Urban Velo

Cyclist Killed in Indianapolis

I hate that stories about cyclists hit and killed by cars are more common than we want to admit, and although most of us realize that we are in a losing proposition with a car collision, the moments allow us to reflect and keep a greater sense of awareness about us on the roads. At least I hope.

IMG_5035I was riding to a doctor’s appointment this morning when I passed a wreck, but I was paying too much attention to the traffic to divert my eyes onto the scene. Only when I arrived at the office did I find out a cyclist had been hit and killed at that very intersection just fifteen minutes before I arrived. On the way back home I stopped to take a photo as the bus that hit the cyclist was in the road, investigative crews were mapping the area, and the rider’s bike was still on the ground. As I started to ride away I saw an officer pick up what was left of the mangled frame and place it in his car. From a distance I could tell it was a nice bike and I feared it was an experienced cyclist from the riding community, and either myself or a number of friends might know who it was. Turns out, I didn’t know him, but others in the community did. His name was Neil Kelty. He was 23. He was a new commuter, very excited about progressing Indy forward in alternative transportation, and was doing everything right. He was in the bike lane. He was wearing a helmet. But none of that mattered. The bus still turned into and collided with him head on. This was his last Facebook post.

“Absolutely love how helpful & open experienced cyclists have been as this newbie tries to learn enough to begin a 20 mile daily commute to/from work. The folks at Nebo Ridge Bicycles were absolutely amazing earlier this week – talking to me for nearly an hour after their shop was closed. Loved that they led with a teaching heart instead of a hard sell. That’s what I call great service, I’m looking forward to heading back once I’ve narrowed down options a little more.

And this was a recent blog post. The irony of the last line stabbing.

“And if you see me out there, please don’t hit me with your car.

I detail this story because it is an opportunity for remembrance, both of Neil Kelty, but also that we must always be on the lookout. We must always look over our shoulders, expect drivers to operate their vehicles erratically, and remain on the defensive at all times.

Further, this is another opportunity to open up the discussion about appropriate “punishments” for drivers that kill. At the time of this writing, the bus driver was not charged with anything…but is that ok? I have no doubt the bus driver was not acting maliciously or with murderous intent, but THEY screwed up and deserve retribution of some manner. They WILL have to live with the image and knowledge of killing another human, but should they also lose their job? Should they have their license taken away for at least a year? These are just thoughts of my own, but I’d be interested in hearing what you think is appropriate for drivers that kill cyclists, even by “accident”.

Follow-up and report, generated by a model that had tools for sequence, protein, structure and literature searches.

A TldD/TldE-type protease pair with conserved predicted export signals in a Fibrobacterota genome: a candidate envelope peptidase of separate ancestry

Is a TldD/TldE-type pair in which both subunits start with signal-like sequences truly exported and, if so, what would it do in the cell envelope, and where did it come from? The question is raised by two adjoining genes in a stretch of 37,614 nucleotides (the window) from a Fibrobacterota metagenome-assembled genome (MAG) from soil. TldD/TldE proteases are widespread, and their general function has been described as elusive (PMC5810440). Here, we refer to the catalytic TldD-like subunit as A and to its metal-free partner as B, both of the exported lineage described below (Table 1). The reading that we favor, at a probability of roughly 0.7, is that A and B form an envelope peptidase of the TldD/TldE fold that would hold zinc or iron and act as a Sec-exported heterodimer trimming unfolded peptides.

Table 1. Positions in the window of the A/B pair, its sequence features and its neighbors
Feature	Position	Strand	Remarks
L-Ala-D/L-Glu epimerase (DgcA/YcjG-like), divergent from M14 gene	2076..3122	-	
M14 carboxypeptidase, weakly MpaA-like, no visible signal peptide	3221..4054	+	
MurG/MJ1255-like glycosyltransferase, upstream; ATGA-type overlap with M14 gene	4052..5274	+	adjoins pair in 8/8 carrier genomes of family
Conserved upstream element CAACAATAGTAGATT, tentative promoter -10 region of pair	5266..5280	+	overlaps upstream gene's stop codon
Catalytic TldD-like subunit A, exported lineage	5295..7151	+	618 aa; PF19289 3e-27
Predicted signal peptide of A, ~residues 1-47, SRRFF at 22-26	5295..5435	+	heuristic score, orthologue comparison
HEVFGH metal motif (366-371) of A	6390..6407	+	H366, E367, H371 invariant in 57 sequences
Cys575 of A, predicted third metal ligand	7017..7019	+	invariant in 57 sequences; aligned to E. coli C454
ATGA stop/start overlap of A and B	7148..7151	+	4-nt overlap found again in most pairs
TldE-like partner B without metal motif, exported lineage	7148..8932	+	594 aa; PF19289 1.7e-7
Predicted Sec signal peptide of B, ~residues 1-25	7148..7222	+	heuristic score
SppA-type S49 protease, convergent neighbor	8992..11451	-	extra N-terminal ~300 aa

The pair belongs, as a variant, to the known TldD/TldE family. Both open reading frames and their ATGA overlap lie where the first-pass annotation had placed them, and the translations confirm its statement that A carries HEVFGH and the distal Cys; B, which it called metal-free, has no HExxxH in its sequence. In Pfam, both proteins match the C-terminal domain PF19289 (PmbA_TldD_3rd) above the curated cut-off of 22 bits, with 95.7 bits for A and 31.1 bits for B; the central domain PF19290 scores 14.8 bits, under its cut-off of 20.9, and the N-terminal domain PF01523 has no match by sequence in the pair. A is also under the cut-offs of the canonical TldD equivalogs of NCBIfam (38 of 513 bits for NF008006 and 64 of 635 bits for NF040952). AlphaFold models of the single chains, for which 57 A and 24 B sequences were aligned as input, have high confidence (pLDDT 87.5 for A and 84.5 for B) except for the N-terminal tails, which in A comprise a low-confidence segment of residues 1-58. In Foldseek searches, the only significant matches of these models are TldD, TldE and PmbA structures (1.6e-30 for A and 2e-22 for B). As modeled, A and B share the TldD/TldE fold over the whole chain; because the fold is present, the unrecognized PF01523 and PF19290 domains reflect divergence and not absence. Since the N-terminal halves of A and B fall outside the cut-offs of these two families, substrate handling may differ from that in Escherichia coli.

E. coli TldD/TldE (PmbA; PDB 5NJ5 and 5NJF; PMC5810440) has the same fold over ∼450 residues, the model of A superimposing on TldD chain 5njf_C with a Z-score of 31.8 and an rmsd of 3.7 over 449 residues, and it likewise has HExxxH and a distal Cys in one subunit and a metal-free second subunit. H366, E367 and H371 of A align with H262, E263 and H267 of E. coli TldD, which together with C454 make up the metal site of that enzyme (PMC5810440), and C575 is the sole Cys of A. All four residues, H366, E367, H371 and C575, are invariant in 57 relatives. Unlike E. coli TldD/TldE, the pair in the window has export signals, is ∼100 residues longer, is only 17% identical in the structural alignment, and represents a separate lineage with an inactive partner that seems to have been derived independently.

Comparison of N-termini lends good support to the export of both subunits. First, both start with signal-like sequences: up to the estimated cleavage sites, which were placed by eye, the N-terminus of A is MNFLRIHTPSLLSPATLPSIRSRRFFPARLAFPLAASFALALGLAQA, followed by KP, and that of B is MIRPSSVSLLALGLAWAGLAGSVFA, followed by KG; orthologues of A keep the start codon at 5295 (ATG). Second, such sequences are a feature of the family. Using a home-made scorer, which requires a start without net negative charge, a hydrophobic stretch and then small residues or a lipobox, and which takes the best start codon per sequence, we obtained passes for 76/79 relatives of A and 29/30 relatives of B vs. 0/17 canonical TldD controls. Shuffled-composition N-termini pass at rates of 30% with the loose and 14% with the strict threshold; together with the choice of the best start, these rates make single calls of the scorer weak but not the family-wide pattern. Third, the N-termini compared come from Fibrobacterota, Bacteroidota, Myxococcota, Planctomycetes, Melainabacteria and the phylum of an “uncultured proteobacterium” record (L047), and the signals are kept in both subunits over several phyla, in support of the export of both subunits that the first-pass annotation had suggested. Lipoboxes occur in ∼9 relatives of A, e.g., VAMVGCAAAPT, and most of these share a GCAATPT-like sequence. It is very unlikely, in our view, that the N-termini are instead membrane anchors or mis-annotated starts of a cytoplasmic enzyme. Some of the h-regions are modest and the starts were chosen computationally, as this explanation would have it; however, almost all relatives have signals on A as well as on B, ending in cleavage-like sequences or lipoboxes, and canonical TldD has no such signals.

Again….be safe out there…watch your back…protect yourself.
kelty

About Scott Spitz

Commuting, touring, kid hauling, couriering, mechanic work, sales, advocacy, fixed, free—Scott has had his hands in it all over the years.

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10 Comments

  1. BradApril 25, 2014 at 8:54 am

    While its important to not ignore the deaths of people who ride bicycles, it’s also at least as important to understand people who both walk and drive or are passengers in motor vehicles die as well. In fact in my neck of the woods cyclists have no greater incidents of fatality than those who walk and the people in MV’s aren’t behind by much.
    Obviously, we should do what we can to prevent such deaths but we should also understand people who ride bikes most live longer lives in spite of the risks

  2. MendocinoApril 25, 2014 at 11:09 am

    To me, it’s the same justice mindset that comes back with “no charges were filed” when an adult leaves a gun lying around and a kid kills another kid with it. It’s negligence, purely and simply. There have to be repercussions for negligence. Remember the story a little while back about the homeless woman who had a job interview and who left her kids in the car outside while she was interviewing? CPS took her kids away. Why is negligence punishable in some contexts and not in others?

    Being irresponsible and causing others harm is a crime. Not punishing people for negligence means we’re perfectly happy with people being killed because someone wasn’t paying attention. That’s not acceptable. Even when there is no malice, if negligence isn’t punished there’s no impetus to change anything. Given the fact that we don’t have good bike infrastructure in the U.S. drivers need to be forced to be more aware – even if only by fear that they will be punished by the legal system if they are not.